While CLABSI rates fall, other HAIs persist

Hospitals in the U.S. have made striking progress in reducing certain types of infections, like central line-associated bloodstream infections, but still have room for improvement on other types of infections, like methicillin-resistant Staphylococcus aureus bloodstream infections and Clostridium difficile infections, according to the Centers for Disease Control and Prevention.

The CDC recently released its annual National and State Healthcare-associated Infection Progress Report, which summarizes data submitted to the agency's National Healthcare Safety Network.

On the national level, hospitals have been more successful at eliminating certain infections than others. The report found the following:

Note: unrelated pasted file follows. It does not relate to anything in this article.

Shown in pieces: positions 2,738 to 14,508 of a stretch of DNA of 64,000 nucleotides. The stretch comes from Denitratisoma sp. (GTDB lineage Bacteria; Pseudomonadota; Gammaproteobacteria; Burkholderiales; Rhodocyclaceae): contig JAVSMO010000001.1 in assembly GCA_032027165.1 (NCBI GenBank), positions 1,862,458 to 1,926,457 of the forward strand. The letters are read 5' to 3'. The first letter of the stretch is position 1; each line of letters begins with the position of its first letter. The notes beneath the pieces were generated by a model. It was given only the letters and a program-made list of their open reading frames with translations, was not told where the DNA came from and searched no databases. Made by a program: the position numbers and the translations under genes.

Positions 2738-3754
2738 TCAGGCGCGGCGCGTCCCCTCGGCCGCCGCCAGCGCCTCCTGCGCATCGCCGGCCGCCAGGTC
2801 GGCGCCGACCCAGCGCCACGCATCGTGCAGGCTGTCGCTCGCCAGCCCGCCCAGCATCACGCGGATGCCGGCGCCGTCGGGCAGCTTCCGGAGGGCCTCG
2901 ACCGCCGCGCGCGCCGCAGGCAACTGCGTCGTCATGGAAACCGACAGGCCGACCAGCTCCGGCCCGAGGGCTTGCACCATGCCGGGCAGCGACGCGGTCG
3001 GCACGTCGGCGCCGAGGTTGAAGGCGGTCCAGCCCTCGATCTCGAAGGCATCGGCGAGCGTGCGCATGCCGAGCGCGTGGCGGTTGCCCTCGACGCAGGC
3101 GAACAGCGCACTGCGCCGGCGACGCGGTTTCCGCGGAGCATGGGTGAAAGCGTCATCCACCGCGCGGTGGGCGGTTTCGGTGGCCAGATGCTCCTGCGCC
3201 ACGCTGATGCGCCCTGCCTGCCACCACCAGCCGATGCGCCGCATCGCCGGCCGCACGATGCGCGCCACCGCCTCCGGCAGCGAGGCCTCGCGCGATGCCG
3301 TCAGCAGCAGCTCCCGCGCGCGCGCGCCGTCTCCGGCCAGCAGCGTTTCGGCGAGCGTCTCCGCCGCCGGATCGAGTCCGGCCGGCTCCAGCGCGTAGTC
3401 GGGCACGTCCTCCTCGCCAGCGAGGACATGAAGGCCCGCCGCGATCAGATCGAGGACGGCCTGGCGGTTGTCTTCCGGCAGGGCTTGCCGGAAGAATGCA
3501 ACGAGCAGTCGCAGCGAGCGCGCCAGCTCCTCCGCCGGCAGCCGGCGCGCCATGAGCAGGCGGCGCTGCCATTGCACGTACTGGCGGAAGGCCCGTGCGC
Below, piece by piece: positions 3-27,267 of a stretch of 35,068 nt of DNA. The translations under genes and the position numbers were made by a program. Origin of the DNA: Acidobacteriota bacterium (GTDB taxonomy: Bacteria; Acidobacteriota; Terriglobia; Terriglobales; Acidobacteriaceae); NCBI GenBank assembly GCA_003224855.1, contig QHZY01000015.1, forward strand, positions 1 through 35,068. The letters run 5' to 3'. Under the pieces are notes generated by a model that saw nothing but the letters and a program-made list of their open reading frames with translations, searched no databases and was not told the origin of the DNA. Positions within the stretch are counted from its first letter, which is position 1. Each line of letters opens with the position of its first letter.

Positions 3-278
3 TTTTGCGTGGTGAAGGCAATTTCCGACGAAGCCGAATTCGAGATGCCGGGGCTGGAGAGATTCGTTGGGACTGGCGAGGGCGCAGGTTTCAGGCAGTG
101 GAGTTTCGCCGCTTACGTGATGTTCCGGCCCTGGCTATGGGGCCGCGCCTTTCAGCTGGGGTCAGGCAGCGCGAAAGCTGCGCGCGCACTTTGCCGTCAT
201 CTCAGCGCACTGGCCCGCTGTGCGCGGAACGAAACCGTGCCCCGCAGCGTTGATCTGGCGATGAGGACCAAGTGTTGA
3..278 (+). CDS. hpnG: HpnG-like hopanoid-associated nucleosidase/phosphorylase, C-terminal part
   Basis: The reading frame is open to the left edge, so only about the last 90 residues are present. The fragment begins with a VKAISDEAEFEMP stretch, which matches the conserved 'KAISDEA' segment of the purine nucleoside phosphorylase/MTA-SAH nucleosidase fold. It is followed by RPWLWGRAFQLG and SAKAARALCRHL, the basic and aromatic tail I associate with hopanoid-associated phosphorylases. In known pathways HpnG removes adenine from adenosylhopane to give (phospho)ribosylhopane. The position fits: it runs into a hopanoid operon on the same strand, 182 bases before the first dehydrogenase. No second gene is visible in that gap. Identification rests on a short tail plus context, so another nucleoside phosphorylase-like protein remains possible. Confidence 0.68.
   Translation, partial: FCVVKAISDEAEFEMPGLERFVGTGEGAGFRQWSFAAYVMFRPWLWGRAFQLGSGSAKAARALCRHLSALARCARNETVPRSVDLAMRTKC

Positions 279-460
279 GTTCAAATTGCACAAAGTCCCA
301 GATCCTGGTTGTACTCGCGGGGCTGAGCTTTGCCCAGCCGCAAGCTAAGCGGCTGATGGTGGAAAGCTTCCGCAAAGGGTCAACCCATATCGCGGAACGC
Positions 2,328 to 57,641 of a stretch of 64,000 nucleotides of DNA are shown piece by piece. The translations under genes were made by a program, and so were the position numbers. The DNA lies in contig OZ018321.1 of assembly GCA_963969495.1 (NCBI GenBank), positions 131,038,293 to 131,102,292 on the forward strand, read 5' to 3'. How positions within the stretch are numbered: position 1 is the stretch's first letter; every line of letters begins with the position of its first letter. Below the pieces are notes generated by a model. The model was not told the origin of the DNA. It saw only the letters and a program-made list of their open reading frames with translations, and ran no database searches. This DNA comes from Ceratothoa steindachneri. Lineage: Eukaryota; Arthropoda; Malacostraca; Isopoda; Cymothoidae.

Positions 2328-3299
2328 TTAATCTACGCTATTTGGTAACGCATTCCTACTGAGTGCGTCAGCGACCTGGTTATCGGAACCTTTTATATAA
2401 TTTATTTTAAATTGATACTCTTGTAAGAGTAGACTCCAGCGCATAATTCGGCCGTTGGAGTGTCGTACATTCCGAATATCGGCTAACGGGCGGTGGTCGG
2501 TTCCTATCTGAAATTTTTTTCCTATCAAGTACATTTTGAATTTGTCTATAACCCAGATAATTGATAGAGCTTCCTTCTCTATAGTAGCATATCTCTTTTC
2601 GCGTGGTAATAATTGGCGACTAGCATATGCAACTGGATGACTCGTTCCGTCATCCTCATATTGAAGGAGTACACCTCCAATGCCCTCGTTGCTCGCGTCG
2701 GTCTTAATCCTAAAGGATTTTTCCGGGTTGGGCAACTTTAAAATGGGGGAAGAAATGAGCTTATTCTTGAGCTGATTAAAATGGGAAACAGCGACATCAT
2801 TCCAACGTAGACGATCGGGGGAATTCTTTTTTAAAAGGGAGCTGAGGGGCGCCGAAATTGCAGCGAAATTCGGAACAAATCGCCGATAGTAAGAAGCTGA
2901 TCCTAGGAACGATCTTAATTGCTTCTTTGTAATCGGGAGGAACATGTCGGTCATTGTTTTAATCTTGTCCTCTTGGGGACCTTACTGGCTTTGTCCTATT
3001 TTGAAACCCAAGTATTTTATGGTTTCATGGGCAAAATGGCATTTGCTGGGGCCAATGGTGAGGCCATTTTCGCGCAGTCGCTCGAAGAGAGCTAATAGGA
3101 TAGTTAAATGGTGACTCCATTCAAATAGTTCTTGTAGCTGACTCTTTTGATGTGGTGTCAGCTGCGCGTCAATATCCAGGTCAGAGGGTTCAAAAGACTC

• 46 percent decrease in CLABSIs between 2008 and 2013
  • 19 percent decrease in surgical site infections related to 10 select procedures between 2008 and 2013
  • 6 percent increase in catheter-associated urinary tract infections since 2009
  • 8 percent decrease in MRSA bloodstream infections from 2011 through 2013
  • 10 percent decrease in C. diff infections between 2011 and 2013

"Hospitals have made real progress to reduce some types of healthcare-associated infections — it can be done," said Tom Frieden, MD, the director of the CDC. "The key is for every hospital to have rigorous infection control programs to protect patients and healthcare workers, and for healthcare facilities and others to work to reduce the many types of infections that haven't decreased enough."

More articles on HAIs:
Joint Commission launches infection prevention and HAI online resource
Hidden risk of hospital construction projects: HAIs
HAIs impact costs for cardiac surgery

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